You wouldn’t necessarily think that advice from almost 2000 years ago would resonate with how we live today, but here’s a quote from Seneca, a Roman philosopher
‘Here I am with a babel of noise going on all about me, I have lodgings right over a public bathhouse. Now imagine to yourself every kind of sound that can make one weary of one’s years.‘
The fact is, people are dealing with the same problems. When your attention is dispersed and distracted by your relationships and surroundings it’s hard to keep your mind clear and rational.
Keeping your mind clear and rational is achieved through stillness, which many people recognise as stoicism. The core concept is that when you learn to remove your ego from your thinking, you can gain clarity and insight.
Ryan’s book ‘Stillness is the Key’ explores the concept that your reaction to a situation has more impact in your life than the situation itself. He uses historical events, from Roman Emperor Marcus Aurelius to John F Kennedy reacting to the Cuban Missile Crisis.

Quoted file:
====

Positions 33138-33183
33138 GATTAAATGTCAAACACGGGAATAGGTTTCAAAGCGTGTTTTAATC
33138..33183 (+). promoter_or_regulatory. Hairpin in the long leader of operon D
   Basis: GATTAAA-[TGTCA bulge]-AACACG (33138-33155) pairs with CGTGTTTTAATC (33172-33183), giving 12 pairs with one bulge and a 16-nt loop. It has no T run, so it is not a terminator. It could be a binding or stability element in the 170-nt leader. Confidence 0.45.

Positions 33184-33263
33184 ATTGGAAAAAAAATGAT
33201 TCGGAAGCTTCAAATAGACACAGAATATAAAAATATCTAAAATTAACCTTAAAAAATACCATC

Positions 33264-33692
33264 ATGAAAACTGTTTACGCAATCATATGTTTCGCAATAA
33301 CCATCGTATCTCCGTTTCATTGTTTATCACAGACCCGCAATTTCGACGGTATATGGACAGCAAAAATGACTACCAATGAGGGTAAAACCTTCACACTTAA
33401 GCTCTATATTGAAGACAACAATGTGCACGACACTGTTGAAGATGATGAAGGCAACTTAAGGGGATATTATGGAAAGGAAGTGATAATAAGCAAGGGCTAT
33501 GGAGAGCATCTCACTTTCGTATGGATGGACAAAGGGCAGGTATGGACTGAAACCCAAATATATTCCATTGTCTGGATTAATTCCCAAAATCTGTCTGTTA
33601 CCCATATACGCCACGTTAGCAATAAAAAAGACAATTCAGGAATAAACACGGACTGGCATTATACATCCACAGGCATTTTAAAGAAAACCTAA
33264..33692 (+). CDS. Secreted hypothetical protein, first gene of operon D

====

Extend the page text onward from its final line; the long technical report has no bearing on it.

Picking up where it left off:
Through these anecdotes Ryan draws out a common theme: that you can train yourself to step away from your first, instinctual reaction to a situation, to bring out more positive actions, and reactions.
In essence, a stoic is able to face adversity by understanding that they can choose how to react to it. If you have to work in a noisy environment, learn to let the sounds wash over you, rather than letting each new one draw your attention away, or make you angry.
A lot of the same themes come out of a mindfulness practice, but you can achieve stillness in other ways. The easiest way is often by doing a physical activity you can do on auto-pilot, like running or swimming. Try in these states to think about your life’s problems not in how they effect you, but how you can change it, or change how you feel about it.
You can read more about Ryan’s excellent book ‘Stillness is Key’ here. Any purchase made through this link helps support the blog.
Thanks for reading!